The Bulk Copy Program (BCP) is a command-line utility that allows administrators to import bulk data into a table or export it from a table into a file. It also supports several options that define how data will be exported, where it will be imported and which data will be loaded. The BCP utility can quickly transfer large amounts of data.
The bcp utility (Bcp.exe) is a command-line tool that uses the Bulk Copy Program (BCP) API. The bcp utility performs the following tasks:
• Bulk exports data from a SQL Server table into a data file.
• Bulk exports data from a query.
• Bulk imports data from a data file into a SQL Server table.
• Generates format files.
Let’s see what parameter options are available to use. From the command line on a machine with SQL Server installed, type “bcp” and press Enter.
You can find out more information on BCP parameters on Books Online: http://msdn.microsoft.com/en-us/library/ms162802.aspx
The basic syntax for using bcp is:
bcp <table_name> <direction> <file_name> <options>
Where the arguments take the following values:
• table_name is the fully qualified name of the table. For example, you might use inventory.dbo.fruits to insert records into the fruits table, owned by the database owner, in the inventory database.
• direction indicates whether you want to import (“in” direction) or export (“out” direction) data.
• file_name is the full path to the file. For example, you could import the file C:\fruit\inventory.txt.
• options allow you to specify parameters for the bulk operation. For example, you can specify the maximum number of errors allowed with the –m option. You may also use the –x option to specify an XML file format. Consult Microsoft’s bcp documentation for a full list.
BCP Import Example
Let’s put it all together. Imagine that you have a fruits table in your inventory database and that you want to programmatically import all of the records from a text file stored on your hard drive into that database. You would use the following bcp command syntax:
bcp inventory.dbo.fruits in “C:\fruit\inventory.txt” -c -T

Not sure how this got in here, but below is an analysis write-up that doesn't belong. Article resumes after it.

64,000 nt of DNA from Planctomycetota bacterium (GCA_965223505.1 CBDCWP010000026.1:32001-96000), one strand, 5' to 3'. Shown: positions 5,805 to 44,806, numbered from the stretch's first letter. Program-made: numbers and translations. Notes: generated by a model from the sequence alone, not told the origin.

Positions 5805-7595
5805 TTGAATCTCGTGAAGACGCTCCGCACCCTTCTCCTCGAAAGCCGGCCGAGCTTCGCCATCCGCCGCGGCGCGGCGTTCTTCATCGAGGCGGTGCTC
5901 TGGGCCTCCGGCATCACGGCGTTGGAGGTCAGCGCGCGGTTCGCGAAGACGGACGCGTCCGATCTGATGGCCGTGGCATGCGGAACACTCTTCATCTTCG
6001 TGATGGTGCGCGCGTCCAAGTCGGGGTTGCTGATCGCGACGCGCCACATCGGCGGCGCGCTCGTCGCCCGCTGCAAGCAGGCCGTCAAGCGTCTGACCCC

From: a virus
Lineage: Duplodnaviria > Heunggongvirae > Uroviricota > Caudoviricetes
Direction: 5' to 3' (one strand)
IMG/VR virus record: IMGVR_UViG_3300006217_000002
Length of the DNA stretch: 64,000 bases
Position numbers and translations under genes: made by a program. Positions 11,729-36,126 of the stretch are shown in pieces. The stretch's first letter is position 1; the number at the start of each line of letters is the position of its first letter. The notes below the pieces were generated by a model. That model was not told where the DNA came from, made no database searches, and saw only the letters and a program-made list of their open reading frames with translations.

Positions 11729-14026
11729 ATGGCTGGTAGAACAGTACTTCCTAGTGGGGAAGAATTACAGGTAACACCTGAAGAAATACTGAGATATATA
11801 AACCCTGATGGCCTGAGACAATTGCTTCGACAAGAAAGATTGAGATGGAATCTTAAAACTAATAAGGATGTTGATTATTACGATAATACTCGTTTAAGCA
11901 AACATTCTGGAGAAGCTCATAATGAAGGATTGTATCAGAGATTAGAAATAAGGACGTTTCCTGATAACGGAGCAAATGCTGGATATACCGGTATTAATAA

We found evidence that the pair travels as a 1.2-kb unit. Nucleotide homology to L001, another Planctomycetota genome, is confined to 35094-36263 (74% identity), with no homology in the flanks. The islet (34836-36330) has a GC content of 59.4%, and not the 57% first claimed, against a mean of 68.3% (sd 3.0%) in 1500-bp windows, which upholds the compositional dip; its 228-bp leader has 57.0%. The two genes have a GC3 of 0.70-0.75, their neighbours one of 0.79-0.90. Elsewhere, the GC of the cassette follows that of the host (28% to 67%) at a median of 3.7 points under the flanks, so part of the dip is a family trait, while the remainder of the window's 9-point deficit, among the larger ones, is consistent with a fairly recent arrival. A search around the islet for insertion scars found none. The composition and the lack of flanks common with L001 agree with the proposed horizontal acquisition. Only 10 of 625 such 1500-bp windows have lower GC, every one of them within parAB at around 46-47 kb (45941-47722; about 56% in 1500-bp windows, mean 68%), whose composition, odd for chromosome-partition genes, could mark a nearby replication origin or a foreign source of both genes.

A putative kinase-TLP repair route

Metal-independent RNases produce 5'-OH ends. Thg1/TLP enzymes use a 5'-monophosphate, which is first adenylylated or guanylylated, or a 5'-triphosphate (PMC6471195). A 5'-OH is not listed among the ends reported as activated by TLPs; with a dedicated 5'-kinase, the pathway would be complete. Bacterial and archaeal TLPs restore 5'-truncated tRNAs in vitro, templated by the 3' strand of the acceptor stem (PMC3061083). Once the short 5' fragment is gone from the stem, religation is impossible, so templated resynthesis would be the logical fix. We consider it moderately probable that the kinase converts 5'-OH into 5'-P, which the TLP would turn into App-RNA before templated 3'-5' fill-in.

This would produce the following output:
C:\>bcp inventory.dbo.fruits in “C:\fruit\inventory.txt” -c -T
36 rows copied.
Network packet size (bytes): 4096
Clock Time (ms.) Total : 16 Average : (2250.00 rows per sec.)
• The –c option specifies that the file format of the import file will be tab-delimited text with each record on a new line.
• The –T option specifies that bcp should use Windows authentication to connect to the database.
BCP Export Example
You can export data from your database with bcp by changing the direction of the operation from “in” to “out”. For example, we could dump the contents of the fruit table to a text file with the following command:
bcp inventory.dbo.fruits out “C:\fruit\inventory.txt” -c -T
Here’s how that looks on the command line:
C:\>bcp inventory.dbo.fruits out “C:\fruit\inventory.txt” -c -T
42 rows copied.
Network packet size (bytes): 4096
Clock Time (ms.) Total : 1 Average : (42000.00 rows per sec.)
Consider following tips while operating the BCP:
• BCP commands are case-sensitive.
• If you’re accessing the data across a WAN, perhaps via a VPN connection, try to remote desktop (mstsc) to the actual SQL Server to perform the BCP. If possible, keep the operation on the same local drive or even local network as the server; the less distance data needs to travel across a network, the faster BCP will perform.
• If you need to copy large amounts of data (i.e. >100mm rows), try breaking the data into smaller chunks. This will help if you have an error during BCP (i.e. a PK error can rollback the entire import operation by default, although there are options that can change this behavior). When working with partitioned tables, I find it very efficient to segregate the data imported/exported by partition.
• If you’re BCP’ing data into a new table, you can minimize impact on the server by waiting to create your indexes after all the data is loaded.